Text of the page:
Suspected glioma in a 15 year old mixed breed dog
Princess, a 15-year-old FS mixed breed dog, presented to the Cornell University Small Animal Emergency Service for evaluation of generalized seizures. She was found that morning having a generalized seizure with no possibility of toxin ingestion and was taken to the local emergency clinic for evaluation. She was stabilized with fluids, valium and a loading dose of phenobarbital and transferred to the Cornell University Hospital for Animals that evening. Physical exam revealed facial twitches, decreased menace response OD worse than OS, concious proprioceptive (CP) deficits right hind worse than left hind, moderate osteoarthritis, nuclear sclerosis OU, and shaved areas where catheters had been placed previously. CBC and chemistry panel were within normal limits, and urinalysis demonstrated a urinary tract infection. Current medications included Clavamox 375mg PO BID for the urinary tract infection. Possible differential diagnoses include forebrain disease (degenerative, anomalous, neoplasia, infectious/inflammatory, trauma), metabolic abnormality, and toxin ingestion. Based on her age, presentation, and the normal bloodwork, Princess? primary differential was CNS neoplasia. She was taken to radiology for 3-view thoracic radiographs which were within normal limits and then MR imaging of her brain. A well-defined, contrast enhancing, circular lesion was identified in her left pyriform lobe. Although never biopsied, this lesion supported the differential diagnosis of neoplasia. It was presumed to be a glioma based on its singularity, shape, location and contrast enhancement on MRI. Possible palliative treatments included surgery, radiation therapy, chemotherapy, and steroids alone. Anti-convulsants would be added to any of these treatment protocols as Princess' chief complaint was seizures. Princess was maintained on prednisolone and felbamate, a very expensive anti-convulsant with fewer reported side effects than phenobarbital. She was given a prognosis of 2 weeks-2 months. Within three days from presentation, Princess was clinically normal, and has remained that way since. It is now 6 months from her diagnosis.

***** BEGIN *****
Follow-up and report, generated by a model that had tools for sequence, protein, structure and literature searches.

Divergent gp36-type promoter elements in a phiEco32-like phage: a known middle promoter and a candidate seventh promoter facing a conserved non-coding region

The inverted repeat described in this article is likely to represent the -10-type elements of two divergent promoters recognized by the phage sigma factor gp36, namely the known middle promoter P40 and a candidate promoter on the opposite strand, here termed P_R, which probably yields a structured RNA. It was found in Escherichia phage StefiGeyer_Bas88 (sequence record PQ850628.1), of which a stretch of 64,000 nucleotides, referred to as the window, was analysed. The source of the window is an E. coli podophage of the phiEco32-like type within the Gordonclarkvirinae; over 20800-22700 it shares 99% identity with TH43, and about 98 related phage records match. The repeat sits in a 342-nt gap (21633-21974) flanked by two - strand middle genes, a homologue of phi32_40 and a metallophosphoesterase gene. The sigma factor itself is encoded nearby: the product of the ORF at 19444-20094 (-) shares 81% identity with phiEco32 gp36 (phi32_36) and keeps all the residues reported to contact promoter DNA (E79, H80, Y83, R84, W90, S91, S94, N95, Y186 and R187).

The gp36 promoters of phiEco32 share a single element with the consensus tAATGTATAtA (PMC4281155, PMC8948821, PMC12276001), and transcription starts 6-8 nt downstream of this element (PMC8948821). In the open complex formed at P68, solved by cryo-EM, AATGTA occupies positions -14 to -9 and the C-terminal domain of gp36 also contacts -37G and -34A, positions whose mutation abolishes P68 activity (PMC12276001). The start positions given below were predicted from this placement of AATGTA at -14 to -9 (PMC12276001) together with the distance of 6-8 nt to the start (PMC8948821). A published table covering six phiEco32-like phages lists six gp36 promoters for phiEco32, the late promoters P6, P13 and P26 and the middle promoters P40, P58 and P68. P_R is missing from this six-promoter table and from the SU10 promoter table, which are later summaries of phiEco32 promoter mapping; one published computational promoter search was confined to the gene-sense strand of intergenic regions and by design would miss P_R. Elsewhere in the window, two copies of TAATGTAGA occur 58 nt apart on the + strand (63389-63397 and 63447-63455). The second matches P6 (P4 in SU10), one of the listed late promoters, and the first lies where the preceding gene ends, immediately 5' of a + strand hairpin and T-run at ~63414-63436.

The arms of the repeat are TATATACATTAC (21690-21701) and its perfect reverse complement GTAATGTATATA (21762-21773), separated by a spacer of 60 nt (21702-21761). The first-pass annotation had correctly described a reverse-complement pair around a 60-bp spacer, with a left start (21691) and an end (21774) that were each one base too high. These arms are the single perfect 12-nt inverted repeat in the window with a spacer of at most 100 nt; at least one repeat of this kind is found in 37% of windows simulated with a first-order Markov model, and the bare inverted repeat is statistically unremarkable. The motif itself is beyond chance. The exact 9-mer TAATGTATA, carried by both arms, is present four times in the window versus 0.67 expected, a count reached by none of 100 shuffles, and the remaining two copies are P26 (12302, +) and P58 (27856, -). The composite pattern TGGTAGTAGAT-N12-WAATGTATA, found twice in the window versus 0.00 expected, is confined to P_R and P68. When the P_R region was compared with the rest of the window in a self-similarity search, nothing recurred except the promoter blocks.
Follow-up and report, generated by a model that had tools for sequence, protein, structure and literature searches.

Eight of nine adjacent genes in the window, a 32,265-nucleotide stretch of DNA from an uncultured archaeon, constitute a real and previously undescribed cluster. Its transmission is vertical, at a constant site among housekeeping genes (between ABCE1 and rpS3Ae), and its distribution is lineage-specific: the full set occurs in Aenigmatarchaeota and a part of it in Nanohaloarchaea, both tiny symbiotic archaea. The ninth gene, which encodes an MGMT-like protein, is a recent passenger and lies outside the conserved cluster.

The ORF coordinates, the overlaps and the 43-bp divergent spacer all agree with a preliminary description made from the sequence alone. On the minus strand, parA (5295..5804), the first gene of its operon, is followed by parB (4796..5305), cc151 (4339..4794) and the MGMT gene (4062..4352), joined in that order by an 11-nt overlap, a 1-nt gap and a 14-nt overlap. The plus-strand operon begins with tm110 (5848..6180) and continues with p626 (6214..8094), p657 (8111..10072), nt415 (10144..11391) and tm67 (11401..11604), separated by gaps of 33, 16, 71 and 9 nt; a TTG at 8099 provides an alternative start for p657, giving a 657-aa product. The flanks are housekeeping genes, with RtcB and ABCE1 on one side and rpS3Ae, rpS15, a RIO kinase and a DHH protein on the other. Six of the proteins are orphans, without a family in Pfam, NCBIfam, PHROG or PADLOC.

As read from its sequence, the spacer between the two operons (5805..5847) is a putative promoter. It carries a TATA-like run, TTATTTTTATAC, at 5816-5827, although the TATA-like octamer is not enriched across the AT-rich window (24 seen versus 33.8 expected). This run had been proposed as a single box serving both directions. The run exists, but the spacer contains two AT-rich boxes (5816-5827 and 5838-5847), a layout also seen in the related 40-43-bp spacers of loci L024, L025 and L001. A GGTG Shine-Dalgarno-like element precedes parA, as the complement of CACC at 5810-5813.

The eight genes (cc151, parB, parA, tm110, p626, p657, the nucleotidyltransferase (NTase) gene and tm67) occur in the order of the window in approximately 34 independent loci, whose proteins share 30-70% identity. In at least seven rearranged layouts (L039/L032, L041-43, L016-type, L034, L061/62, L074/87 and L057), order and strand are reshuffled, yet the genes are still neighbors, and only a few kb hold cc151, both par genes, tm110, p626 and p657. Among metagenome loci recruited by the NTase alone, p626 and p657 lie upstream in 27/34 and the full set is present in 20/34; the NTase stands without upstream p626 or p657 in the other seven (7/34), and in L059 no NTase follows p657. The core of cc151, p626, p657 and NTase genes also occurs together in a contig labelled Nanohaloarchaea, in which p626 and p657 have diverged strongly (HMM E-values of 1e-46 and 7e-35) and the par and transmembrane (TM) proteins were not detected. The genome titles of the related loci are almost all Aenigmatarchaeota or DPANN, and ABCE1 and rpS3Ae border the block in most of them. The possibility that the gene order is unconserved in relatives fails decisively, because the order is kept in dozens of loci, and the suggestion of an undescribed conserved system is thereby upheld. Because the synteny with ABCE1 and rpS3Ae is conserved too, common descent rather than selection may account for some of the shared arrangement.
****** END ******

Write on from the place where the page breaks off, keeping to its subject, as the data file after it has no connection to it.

Senior seminar paperSeminar SF610.1 2007 M33
Dogs -- Diseases -- Case studies